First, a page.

For the first time ever comes the inside story of Clarence "Big Man" Clemons--his life before, during and beyond the E-Street Band, including unbelievable, never-before-told adventures with Bruce Springsteen, the band, and an incredible cast of other famous characters recounted by himself and his best friend, television writer/ producer Don Reo.
Here are just a few things you'll get from reading it:
*The truth behind the final hours of making Born To Run
*The real story of how the E-Street Band got its name
*What happened when Clarence and Ringo Starr were sitting in a hotel room and Clarence got the call that Bruce was breaking up the band
*How Bruce and Clarence met that dark, stormy night at the Student Prince
*The E-Street band's show at Sing-Sing prison where all of their equipment blows out right as they take the stage
*The secret that Robert De Niro told Clarence and Bruce they had to keep for 25 years
But that's merely a glimpse. This is not your average rock book. It is something creative, something unique, something new. It is the story of E-Street. It is the story of stories. It is the story of the Big Man.
As the saxophonist for the E Street Band, the famed backup band for Bruce Springsteen, Clemons has lived a kind of pop music celebrity that's rare these days, a life spent rising and staying at the top of the album charts and performing before stadiums packed with tens of thousands of people. Along the way, he's mastered the art of telling yarns that are entertaining, whether plausible or dubious. It's a skill acquired during long hours waiting for gigs, traveling to gigs and recovering from gigs (Clemons now suffers from knee, hip and other joint ailments). His storytelling prowess is on display in this memoir, written with friend and producer Reo (My Wife and Kids; 'Til Death). The book is part episodic memoir (printed on white pages) and part bull session ("legends" printed on gray pages). The authors trade chapters about how the E Street Band got its name, how Spring-steen and Clemons met and why Big Man decided not to cut his hair, among other things. The intent is to give readers, especially fans, an idea of life behind the music by sharing the stories bandmates told each other. It's a novel approach to memoir that unfortunately skimps on serious insight and Springsteen's music and too often settles on nostalgia and celebrity name-dropping. Fans of Springsteen (who contributes a foreword to the book) will no doubt be more tolerant and eager to savor every page. (Oct. 21)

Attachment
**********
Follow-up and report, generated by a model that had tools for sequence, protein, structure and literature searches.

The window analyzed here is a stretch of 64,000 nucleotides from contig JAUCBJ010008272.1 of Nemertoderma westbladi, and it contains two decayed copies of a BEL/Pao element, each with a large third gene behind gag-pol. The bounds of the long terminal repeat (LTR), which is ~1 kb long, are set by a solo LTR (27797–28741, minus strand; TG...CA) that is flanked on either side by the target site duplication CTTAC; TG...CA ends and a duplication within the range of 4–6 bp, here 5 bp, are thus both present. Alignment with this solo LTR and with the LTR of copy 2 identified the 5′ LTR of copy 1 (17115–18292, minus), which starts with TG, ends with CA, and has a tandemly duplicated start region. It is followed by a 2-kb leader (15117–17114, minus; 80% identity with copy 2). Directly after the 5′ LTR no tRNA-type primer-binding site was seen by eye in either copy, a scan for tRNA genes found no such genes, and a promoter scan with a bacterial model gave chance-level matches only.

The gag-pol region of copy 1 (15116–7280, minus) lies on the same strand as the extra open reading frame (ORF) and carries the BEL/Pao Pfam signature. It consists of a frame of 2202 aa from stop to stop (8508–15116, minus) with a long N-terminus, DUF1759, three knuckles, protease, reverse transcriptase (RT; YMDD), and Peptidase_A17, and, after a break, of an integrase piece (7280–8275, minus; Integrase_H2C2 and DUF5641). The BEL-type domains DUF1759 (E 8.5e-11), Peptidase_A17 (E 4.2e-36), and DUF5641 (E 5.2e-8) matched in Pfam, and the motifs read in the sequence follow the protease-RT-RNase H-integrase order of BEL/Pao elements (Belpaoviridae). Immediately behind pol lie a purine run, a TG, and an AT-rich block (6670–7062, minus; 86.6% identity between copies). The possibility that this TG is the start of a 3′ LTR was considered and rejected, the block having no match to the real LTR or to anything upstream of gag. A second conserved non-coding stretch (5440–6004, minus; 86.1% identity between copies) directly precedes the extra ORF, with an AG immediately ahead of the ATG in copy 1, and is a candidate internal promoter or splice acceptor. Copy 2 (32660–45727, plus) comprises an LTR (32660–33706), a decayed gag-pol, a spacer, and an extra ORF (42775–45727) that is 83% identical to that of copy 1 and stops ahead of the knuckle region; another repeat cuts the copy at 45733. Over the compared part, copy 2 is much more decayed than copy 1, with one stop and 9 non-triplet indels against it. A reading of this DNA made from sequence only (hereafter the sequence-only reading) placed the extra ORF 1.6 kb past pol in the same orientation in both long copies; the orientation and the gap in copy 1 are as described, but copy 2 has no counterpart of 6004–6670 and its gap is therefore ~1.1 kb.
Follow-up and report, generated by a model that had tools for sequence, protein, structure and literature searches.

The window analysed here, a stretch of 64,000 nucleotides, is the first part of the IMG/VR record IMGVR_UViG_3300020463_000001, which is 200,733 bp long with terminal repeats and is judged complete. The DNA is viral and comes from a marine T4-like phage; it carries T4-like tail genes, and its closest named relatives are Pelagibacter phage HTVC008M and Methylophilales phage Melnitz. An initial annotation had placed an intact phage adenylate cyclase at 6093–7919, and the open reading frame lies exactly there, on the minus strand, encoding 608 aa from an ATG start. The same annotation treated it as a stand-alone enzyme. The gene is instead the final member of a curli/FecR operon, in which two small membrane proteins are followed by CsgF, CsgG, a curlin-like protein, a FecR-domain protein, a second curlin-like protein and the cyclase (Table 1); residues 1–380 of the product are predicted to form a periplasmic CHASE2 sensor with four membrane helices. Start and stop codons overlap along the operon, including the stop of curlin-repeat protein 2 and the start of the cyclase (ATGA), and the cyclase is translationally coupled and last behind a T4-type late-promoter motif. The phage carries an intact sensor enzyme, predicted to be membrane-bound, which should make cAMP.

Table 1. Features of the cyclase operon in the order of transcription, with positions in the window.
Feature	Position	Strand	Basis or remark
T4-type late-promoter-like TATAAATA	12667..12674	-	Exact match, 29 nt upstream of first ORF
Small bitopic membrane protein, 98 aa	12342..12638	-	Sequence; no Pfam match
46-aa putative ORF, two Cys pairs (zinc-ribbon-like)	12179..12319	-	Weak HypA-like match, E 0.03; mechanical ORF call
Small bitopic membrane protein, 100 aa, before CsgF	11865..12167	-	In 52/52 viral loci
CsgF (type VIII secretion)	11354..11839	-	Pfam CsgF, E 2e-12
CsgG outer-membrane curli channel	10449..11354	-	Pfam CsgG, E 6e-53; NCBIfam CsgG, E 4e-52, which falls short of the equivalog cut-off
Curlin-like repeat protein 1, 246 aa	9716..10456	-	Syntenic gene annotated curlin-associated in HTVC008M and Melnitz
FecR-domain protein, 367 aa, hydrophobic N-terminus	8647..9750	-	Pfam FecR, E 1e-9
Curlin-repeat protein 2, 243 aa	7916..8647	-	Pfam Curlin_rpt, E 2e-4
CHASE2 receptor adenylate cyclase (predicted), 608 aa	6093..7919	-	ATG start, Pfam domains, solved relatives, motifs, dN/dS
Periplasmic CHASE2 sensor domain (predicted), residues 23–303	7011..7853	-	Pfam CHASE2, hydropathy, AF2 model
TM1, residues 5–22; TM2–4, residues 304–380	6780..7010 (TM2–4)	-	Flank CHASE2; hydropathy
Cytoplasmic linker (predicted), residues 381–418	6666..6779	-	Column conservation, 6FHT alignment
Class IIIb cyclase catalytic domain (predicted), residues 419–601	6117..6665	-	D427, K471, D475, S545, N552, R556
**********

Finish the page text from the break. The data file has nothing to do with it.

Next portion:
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Grand Central Publishing
October 20, 2009
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